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Community and Q&A

Insulating a Balloon-Framed House

Marcus Cavanaugh | Posted in General Questions on

Hi All,

I’m somewhat new to the site.

I recently closed on a 1905 ballon framed house in central NY. According to NY.gov I’m in climate zone 6.

Wall assembly from exterior in
Vinyl siding,1/2 foam, cedar clap board, thick tar paper, 3 1/2 stud, 3/4 board sheathing, 3/8 drywall.

The tar paper is fully intact but is compromised by the fasteners from the vinyl siding.

I’ll be removing the the drywall wall & 3/4 sheathing due to termite damage/mold. I plan to install 1/2 osb in place of the 3/4 sheathing to add strength to the house followed by 1/2 drywall.

I like the detail from one of Martin Holidays articles which is to add an air gap/air barrier/insulation but with existing hot water baseboard/ reducing the size of the stairwell so I can’t fur out the wall unless I remove the baseboard. Would adding spray foam be the best solution?

If yes could I spray it directly to the tar paper as long as there is no water intrusion? Also a spray foam contractor suggested using open cell, I thought closed would be best for this situation.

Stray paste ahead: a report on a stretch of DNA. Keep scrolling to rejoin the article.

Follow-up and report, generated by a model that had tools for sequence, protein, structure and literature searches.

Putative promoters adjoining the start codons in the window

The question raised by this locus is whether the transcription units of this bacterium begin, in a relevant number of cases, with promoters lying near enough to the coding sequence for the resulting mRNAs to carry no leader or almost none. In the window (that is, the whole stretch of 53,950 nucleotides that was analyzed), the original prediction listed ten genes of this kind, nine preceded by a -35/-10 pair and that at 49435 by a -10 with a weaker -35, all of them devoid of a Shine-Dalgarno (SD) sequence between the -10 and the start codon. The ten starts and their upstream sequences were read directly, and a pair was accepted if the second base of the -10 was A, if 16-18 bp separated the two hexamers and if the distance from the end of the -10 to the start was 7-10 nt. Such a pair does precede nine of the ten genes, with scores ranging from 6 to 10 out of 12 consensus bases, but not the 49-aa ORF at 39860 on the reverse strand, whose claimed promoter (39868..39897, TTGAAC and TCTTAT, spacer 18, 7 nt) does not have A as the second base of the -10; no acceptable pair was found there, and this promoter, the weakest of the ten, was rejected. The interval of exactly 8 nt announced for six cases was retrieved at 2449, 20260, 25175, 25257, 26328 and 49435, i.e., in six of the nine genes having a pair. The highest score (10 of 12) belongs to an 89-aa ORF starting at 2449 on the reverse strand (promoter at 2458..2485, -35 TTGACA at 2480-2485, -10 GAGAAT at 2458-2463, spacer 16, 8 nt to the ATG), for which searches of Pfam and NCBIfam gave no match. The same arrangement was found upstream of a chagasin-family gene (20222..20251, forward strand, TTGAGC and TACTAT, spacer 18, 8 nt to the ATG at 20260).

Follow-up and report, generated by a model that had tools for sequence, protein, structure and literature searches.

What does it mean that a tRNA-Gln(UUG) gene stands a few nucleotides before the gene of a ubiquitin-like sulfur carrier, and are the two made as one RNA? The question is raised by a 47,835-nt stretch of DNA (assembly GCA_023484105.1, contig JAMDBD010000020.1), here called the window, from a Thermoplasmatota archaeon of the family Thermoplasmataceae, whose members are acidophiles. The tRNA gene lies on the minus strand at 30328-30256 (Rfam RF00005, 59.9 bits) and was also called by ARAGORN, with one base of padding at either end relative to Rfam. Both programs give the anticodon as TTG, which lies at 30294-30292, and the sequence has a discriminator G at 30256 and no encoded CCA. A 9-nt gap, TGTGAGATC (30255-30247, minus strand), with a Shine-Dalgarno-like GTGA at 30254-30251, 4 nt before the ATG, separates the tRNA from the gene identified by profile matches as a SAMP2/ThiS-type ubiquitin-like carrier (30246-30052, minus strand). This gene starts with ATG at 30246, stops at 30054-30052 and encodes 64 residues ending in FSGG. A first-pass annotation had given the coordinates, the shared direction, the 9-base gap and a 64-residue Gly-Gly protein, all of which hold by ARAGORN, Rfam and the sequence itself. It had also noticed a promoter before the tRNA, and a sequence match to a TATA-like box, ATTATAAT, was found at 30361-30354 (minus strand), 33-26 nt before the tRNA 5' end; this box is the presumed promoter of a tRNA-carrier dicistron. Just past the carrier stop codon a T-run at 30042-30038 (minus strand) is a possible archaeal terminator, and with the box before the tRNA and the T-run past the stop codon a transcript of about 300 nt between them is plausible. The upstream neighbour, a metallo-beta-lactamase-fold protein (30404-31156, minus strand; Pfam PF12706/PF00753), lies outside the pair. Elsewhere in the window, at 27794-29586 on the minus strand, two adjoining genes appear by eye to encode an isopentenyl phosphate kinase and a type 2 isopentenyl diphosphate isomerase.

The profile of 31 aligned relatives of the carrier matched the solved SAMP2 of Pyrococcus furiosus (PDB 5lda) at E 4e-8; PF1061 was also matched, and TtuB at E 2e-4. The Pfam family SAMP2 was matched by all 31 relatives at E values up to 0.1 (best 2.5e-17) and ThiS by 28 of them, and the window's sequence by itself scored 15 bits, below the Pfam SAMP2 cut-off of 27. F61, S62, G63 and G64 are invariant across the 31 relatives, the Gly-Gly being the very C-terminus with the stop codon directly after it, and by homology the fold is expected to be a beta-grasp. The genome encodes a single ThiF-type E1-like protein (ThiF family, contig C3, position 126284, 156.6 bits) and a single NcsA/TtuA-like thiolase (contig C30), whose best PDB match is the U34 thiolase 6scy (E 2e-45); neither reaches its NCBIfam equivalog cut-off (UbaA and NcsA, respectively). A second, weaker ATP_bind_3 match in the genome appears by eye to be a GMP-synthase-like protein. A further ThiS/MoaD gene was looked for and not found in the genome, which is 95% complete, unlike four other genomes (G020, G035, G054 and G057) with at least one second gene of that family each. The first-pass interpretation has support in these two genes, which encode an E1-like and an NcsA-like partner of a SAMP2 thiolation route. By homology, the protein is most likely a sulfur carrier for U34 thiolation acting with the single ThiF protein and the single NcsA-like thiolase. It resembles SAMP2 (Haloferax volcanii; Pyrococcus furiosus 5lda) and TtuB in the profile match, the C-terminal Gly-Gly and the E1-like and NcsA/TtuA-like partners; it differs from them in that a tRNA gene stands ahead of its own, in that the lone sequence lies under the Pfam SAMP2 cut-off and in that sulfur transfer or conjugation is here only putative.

Alternatively I may add zip sheathing, and new siding down the road(if the price ever drops) so maybe adding 3” rockwool safe n sound flush to the interior of the stud allowing a 1/2” gap will be better than nothing until the time comes to re-side.

Open to any suggestions.

Thanks,

Marcus

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Replies

  1. Expert Member
    Peter Engle | | #1

    With that wall system, open cell might actually work OK. I used it in an 1890's Victorian with no ill effects. Your interior OSB will act as your semi-permeable vapor retarder with the rest of the wall drying easily to the exterior. Rockwool would be somewhat more climate-friendly and would also work for insulation, but you would have to be far more scrupulous in your air sealing details on the inside with that option.

  2. Marcus Cavanaugh | | #2

    Your reply makes me feel more confident with using open cell. Another bonus to open cell is it’s cheaper! Would it make a difference what side the osb faces to the exterior being that the smooth side has somewhat of a moisture resistant(So I’ve read)?

    On another note.
    I’m actually working on an 1890’s farm house (in much better shape than my house). Ended up going with closed cell. Of course this house has board sheathing on the exterior + it’s getting new siding so we’ll be able to add a wrb.

  3. Expert Member
    Peter Engle | | #3

    Doesn't matter which way the OSB is oriented when it is your interior surface.

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